By CHRISTINA RITCHIE ROGERS
Plans for a “landmark building” on the old Cornelius Police Station lot got a kickstart Monday, as the town board voted unanimously to approve a contract with The Stewart Group, a developer that aims to purchase the land for $100,000. The group now has one year to line up interested tenants for the proposed retail and office space and submit final construction plans to the town.
The town demolished the old police building in March 2009, and since then has been considering options for the lot, which is at N.C. 115 and Catawba Avenue. About a year ago, the town asked seven businesses to submit proposals for the site, and two responded with interest.
“(The Stewart Group’s) was by far the best bid we received,” Town Manager Anthony Roberts said.
The Davidson-based Stewart Group has experience with similar downtown-area projects. In 2009 developer David Stewart built a $4.5 million mixed-use building called Stowe’s Corner on the former Stowe’s Exxon site in downtown Davidson.
“I’m a big believer in infill projects,” Mr. Stewart said – that is, using existing infrastructure and properties to enhance a downtown area. Stowe’s Corner now houses the popular Flatiron Kitchen + Taphouse on its ground floor and other businesses, including a hair salon, on its upper levels.
The Stewart Group’s proposal for the Cornelius police lot calls for a two-story masonry building designed to complement the surrounding buildings. The developer plans to work with architecture firm Cole, Jenest & Stone of Charlotte, whose other local projects have included the Cornelius library, Cornelius Town Hall and the current Cornelius Police Station.
The irregular shape of the land and the existing infrastructure – including Town Hall adjacent on Catawba Avenue and Memories Pawn Shop and Sweetcakes Bakery on N.C. 115 – required Mr. Stewart and his team to find creative solutions for design and parking. They worked closely with town planners to address the issue of limited parking, and came to an agreement much like the one Stowe’s Corner has with the town of Davidson: The building will offer some under-structure parking on the first level, and the town will offer additional shared parking spaces in the Town Hall parking lot, just behind the site.
The structural plans include a ground floor with about 5,000 square feet of retail space and a second floor with about 9,000 square feet of office space. The plans also describe an optional rooftop terrace that would be open to the public for meetings and gatherings.
The group had to commit $5,000 with its bid, and the contract approved Monday essentially allows them to “reserve” the space for a year while they look for tenants and finalize plans.
“That’s the key on a lot of different levels,” Mr. Stewart said. The users dictate what practical functions the building space needs to serve, and therefore the final design, he said.
Though tenant needs may require tweaks to the plans, he doesn’t anticipate any major changes to the original design. Any design changes would need to go back to the town for approval.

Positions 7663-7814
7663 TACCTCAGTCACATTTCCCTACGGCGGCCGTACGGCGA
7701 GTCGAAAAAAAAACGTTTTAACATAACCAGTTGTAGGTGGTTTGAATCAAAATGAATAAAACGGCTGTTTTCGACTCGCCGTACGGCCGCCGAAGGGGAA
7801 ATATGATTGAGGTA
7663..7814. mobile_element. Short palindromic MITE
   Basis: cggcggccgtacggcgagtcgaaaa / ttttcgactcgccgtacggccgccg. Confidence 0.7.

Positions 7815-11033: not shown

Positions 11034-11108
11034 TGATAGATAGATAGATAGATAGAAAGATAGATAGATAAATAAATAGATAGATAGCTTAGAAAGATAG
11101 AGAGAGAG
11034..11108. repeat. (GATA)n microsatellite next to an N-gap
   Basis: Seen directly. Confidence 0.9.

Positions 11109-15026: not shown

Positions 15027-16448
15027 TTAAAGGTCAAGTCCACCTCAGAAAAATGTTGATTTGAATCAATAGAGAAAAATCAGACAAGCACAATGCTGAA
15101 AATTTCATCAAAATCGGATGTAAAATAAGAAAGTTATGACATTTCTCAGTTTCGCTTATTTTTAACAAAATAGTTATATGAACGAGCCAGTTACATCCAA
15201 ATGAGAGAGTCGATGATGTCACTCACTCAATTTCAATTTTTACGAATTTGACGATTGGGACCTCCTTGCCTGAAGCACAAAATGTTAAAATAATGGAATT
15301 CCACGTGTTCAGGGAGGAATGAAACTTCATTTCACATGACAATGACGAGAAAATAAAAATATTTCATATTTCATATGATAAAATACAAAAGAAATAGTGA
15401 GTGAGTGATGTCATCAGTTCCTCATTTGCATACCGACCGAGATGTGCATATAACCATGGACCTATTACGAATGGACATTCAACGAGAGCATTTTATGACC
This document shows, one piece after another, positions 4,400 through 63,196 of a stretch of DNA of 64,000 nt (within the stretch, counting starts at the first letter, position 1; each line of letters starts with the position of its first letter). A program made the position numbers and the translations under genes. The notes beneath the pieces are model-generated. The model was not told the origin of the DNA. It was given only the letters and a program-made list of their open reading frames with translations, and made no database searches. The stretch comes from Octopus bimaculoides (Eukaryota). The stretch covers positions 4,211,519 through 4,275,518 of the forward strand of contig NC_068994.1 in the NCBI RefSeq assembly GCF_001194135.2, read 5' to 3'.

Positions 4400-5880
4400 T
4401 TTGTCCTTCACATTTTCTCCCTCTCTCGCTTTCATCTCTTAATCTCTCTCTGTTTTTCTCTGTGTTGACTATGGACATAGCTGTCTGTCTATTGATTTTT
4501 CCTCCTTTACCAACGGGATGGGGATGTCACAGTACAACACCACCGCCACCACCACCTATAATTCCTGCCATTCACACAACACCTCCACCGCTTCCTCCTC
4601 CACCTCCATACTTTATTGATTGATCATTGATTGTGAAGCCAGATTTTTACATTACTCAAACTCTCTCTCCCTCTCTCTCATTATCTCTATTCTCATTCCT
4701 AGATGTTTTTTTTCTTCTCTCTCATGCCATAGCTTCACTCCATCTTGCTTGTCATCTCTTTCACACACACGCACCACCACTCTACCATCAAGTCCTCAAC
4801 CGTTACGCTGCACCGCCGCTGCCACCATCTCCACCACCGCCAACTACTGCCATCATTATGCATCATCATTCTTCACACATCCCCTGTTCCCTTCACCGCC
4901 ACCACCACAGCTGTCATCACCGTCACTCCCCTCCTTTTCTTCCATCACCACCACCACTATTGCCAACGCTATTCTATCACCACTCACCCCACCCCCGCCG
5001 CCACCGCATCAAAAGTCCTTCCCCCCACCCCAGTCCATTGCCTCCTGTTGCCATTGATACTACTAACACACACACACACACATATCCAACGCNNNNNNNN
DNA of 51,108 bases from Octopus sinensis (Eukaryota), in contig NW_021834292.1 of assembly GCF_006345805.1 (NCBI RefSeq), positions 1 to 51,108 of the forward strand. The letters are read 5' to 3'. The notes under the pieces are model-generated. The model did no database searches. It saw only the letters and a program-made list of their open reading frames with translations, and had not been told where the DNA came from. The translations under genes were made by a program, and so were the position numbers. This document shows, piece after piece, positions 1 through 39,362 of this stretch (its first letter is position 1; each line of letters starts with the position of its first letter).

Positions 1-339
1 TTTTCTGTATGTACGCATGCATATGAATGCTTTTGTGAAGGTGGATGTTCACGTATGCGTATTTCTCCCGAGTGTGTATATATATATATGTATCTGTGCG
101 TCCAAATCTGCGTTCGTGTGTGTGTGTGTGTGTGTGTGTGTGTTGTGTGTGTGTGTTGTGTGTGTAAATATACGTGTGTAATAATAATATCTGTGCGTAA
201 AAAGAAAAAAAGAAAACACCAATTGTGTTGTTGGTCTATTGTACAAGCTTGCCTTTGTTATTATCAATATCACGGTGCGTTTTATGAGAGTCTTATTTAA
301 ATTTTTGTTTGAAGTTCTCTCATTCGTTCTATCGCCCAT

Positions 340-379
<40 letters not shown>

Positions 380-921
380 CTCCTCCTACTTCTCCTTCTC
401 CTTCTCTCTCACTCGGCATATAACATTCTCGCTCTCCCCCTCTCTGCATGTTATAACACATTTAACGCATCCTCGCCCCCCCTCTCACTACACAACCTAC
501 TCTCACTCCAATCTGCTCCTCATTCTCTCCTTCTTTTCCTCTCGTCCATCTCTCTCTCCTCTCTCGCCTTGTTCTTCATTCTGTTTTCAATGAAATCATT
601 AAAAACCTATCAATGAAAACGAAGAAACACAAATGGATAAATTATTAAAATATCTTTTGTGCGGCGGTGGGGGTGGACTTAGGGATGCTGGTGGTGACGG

While the building space would support a wide variety of tenants, there are some specific types of businesses that residents and developers would both like to see in there.
“I think a restaurant would be ideal, and a bank would too,” Mr. Stewart said. The town also may consider the space for an arts center, town staff members have said, but discussion about that is premature. The town is in the process of evaluating its needs and objectives for an arts center and will not make any decisions until that evaluation is complete.
“It could very easily be an arts center,” Mr. Stewart said. “It would be very easy to create that on the second story, and it would bring even more energy and momentum downtown.”
Approved uses for the first floor of the building, as listed in the proposal, include specialized retail uses, such as shops for flowers, jewelry and gifts, a bank and a small restaurant. Approved uses for the second floor include office uses, but exclude dental and medical uses. All uses of the building must be in compliance with the town’s Land Development Code and prospective tenants will need to be approved by the town before the developer breaks ground.
COST IS A FACTOR
The economic climate has changed the way developers need to think about tenants, Mr. Stewart said.
“There needs to be a compelling reason for people to come to downtown Cornelius,” like a unique building space with surrounding growth and development, but for most business owners the promise of a “cool” site is no longer enough, he said. “You (as a developer) also need to be able to compete on price,” he said.
“People are much more aware of that, and want to make sure what they’re doing makes fiscal sense,” he said. So his group will remain sensitive to that fact as they recruit tenants to what he’s confident will be a “vibrant, active downtown” spot.
“Cornelius’ downtown does have some vitality and some merchants in there, and this is a way to bring some more,” he said.
Sept. 15, 2011, “Developer proposes ‘landmark building’ on old PD lot.”